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Dye Your Way to Eco-Chic

While eco-friendly fabrics are showing up in more and more designer collections and stores, we often don’t hear enough about the dyeing and finishing processes that accompany them. Conventional dyeing methods often involve toxic chemicals, harmful to the wearer and the environment.

I recently hosted an event at Pivot where Chicago designer Annie Novotny of Frei Designs demonstrated how she naturally dyes some of her garments and accessories with pomegranate juice. First, select a 100% pure juice (no sugars or additives). Pour the juice in a large bowl and add some vinegar and water. The vinegar helps to set the color and also adds brown into the hue.

Let your garment (Annie was dyeing scarves at our event) sit as long as you like, depending on the desired color. Next put the item in a hot salt water bath to set the dye. Then rinse in cold water until the water runs clear. Dry the item, and then finally press it with a hot iron.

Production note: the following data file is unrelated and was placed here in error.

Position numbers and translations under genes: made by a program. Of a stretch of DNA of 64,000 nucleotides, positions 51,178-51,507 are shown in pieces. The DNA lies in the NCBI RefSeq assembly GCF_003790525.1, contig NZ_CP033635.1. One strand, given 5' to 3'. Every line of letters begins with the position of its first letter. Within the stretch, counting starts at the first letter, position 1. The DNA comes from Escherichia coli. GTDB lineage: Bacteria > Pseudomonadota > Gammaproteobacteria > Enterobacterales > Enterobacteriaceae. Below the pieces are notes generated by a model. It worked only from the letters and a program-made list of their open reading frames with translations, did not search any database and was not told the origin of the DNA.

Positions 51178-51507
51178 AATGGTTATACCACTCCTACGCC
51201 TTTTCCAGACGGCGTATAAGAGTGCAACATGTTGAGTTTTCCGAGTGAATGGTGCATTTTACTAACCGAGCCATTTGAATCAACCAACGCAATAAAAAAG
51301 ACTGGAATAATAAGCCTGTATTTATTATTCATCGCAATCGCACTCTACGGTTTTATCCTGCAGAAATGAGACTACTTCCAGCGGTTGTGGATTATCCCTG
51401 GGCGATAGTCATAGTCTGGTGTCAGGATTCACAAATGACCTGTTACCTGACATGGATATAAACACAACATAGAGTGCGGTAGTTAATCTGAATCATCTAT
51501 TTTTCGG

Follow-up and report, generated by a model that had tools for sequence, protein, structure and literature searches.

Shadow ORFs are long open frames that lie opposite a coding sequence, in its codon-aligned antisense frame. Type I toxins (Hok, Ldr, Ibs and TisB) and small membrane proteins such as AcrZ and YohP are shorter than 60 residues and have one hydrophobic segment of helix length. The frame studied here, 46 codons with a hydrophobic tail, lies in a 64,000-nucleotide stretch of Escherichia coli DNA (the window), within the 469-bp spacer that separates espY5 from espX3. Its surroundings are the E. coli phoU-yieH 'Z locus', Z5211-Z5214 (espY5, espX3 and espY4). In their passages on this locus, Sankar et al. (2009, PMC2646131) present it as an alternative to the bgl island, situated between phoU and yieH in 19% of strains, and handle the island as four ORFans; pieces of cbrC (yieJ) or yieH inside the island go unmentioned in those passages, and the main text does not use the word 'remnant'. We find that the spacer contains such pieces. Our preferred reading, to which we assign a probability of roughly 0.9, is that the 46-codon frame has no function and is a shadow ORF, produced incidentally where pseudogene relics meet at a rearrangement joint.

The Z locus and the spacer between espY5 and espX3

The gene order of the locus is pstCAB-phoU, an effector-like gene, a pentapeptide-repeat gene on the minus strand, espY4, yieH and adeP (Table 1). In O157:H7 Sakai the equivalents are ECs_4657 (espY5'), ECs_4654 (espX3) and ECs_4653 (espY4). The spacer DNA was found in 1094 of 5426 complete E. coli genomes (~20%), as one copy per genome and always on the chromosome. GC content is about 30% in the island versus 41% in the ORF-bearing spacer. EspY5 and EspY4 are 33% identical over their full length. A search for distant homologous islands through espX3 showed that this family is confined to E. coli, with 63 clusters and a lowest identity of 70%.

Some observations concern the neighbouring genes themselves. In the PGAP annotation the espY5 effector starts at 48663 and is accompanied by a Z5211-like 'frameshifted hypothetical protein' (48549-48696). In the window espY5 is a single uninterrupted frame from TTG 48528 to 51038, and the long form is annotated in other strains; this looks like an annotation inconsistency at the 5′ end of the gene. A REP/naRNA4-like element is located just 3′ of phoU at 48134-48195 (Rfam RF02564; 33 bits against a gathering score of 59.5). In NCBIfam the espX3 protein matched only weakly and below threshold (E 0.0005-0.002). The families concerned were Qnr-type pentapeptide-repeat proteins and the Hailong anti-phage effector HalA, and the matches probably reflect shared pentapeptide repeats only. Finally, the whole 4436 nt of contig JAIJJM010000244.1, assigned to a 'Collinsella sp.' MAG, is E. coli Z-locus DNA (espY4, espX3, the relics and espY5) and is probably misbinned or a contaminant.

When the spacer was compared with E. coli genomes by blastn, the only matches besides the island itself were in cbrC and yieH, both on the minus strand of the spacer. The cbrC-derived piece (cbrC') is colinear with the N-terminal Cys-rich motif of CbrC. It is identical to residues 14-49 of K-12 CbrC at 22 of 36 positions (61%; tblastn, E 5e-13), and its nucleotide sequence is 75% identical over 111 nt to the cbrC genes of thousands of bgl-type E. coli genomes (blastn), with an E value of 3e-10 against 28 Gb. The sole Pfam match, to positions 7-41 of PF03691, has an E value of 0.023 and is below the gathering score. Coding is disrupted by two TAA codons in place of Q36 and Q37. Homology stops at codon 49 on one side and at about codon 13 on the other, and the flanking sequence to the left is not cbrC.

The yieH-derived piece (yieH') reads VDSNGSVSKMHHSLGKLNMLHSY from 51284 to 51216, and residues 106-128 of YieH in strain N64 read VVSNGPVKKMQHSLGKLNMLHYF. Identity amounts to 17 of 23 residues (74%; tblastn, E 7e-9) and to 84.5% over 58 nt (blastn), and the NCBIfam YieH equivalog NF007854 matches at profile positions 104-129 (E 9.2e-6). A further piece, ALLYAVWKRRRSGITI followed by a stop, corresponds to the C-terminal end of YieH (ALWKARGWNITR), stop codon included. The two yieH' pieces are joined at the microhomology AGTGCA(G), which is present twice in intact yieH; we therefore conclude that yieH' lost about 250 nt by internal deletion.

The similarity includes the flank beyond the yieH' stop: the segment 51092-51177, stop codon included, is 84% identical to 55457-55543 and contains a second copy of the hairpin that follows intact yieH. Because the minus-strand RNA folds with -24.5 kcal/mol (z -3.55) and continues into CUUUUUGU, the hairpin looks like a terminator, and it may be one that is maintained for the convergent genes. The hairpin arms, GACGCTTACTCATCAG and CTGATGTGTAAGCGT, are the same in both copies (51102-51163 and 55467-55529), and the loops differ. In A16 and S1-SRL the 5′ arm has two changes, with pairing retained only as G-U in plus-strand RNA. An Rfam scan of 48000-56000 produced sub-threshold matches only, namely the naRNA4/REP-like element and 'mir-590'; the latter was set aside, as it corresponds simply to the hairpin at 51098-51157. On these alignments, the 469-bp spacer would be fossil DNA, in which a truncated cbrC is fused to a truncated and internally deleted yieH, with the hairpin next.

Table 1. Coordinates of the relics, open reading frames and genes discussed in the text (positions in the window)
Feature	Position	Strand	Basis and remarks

Pretty simple, right? Annie acknowledges, that yes, after some time and washings the color might fade. But, if you are unhappy with how your item is aging – simply get some more pomegranate juice. I myself think that this process is a simple reminder of the impermanence of our environment and resources.

Clearly, you don’t need to be a designer to try this out on your own. Have some white pants you love, but just can’t bear to wear them with that tiny stain you can’t get out? Give them new life with a fresh color!

A Dyer’s Garden is a handy resource for more ideas on other materials to use.

Written by Jessa Brinkmeyer

Jessa Brinkmeyer owns Pivot - Chicago's first boutique devoted to eco-fashion. Prior to opening Pivot in September 2007, Jessa worked as an associate editor at a Chicago-based magazine, covering fashion and general interest topics. She loves introducing people to new fabrics and designers at Pivot, while exchanging tips with her clients on ways to live an eco-conscious life.


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